AUSTIN (KXAN) — While the 2022 Atlantic hurricane season is off to a slower start than recent years, several variables are coming together for a rapid increase in tropical activity in mid-August.
June and July are typically quieter months in the Atlantic basin, with limited tropical storm and hurricane activity. Eighty-five percent of major hurricanes develop after Aug. 20, according to Phil Klotzbach, who works at Colorado State University and develops the Atlantic hurricane forecasts between August and October, typically the peak times for development.
By early August 2020, the Atlantic hurricane season already spawned seven tropical storms and two hurricanes. By early August 2021, we had already tallied four tropical storms and one hurricane.
This Atlantic hurricane season has only yielded three tropical storms with relatively minor impacts.
Though this seems like a quiet season to date, it is directly in-line with 30-year averages from the National Hurricane Center below, with just three named storms typical through Aug. 3.
|Number||Named systems||Hurricanes||Major Hurricanes|
|1||Jun 20||Aug 11||Sep 1|
|2||Jul 17||Aug 26||Sep 19|
|3||Aug 3||Sep 7||Oct 28|
|4||Aug 15||Sep 16||–|
|5||Aug 22||Sep 28||–|
|6||Aug 29||Oct 15||–|
|7||Sep 3||Nov 15||–|
Atlantic hurricane season ramps up beginning in August due to a variety of factors including warmer ocean waters, less Saharan dust in the atmosphere, and more disturbances marching across the ocean from Africa which act as “seedlings” for tropical storms.
We are tracking an expected increase in disturbances rolling off the coast of Africa during the middle of August. These tropical waves can act as embryos for tropical storm development as they trek westward across the Atlantic. As Joe Bastardi of Weatherbell.com writes, “the wave train is going to start running,” with wetter than normal weather expected across the interior of Africa where these seedlings are born.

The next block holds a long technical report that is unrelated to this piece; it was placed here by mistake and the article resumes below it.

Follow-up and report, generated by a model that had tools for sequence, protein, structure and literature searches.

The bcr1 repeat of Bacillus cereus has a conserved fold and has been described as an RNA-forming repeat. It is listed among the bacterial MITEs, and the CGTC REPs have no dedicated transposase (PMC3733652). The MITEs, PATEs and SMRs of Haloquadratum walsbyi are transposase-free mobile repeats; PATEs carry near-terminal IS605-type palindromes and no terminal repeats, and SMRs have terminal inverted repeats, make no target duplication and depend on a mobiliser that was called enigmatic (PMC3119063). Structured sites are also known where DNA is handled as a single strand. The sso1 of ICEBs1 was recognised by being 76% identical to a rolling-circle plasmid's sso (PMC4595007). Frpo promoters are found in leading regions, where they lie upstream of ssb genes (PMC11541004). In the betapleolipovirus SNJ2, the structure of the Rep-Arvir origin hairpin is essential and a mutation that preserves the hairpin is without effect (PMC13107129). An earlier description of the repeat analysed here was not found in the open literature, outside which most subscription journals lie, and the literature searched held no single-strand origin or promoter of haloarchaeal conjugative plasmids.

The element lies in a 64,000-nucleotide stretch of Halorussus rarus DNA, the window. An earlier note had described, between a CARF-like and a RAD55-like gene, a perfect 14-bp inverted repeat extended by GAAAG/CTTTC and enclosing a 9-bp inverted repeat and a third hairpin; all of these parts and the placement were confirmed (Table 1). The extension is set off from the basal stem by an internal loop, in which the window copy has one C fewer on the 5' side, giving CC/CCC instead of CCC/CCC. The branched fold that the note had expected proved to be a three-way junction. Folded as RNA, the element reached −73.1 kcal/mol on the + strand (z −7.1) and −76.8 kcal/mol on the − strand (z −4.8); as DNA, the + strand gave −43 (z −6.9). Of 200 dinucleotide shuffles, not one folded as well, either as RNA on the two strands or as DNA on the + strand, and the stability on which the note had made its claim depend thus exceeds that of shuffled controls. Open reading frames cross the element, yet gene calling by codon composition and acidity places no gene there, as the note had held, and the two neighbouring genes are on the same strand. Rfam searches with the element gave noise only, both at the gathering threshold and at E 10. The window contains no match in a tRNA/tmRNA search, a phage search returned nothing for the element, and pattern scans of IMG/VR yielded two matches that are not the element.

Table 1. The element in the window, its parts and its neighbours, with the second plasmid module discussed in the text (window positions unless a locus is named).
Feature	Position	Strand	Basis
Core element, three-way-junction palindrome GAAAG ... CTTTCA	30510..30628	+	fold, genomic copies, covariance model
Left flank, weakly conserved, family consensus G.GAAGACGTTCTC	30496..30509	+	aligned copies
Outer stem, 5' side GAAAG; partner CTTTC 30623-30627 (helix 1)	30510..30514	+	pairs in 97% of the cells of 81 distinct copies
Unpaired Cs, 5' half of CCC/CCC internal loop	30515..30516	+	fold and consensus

The final variable expected to lead to an increase in tropical activity in mid-August is the Madden-Julian Oscillation, or MJO. We can think of the MJO as a large-scale area of rising or sinking air which can either enhance or suppress storm development.
As a storm-supporting area of rising motion moves over the Atlantic mid to late-August, large-scale rising motion will replace large-scale sinking, making conditions more favorable overall for tropical development. A setup like this led to a hurricane outbreak at the end of August 2020.
While all of these variables will lead to an increase in tropical activity in the Atlantic, it will not come immediately. Long-range forecast models are suggesting the current lull in activity lasts through Aug. 12, with an increase coming between Aug. 12-20.
While we expect a sharp uptick in hurricane activity, it is impossible to forecast where the storms may go until they form. Forecasters at CSU diagnose a higher than normal 59% chance of a Texas hurricane strike this year (average: 36%), and a 28% chance of a major hurricane strike (average: 16%).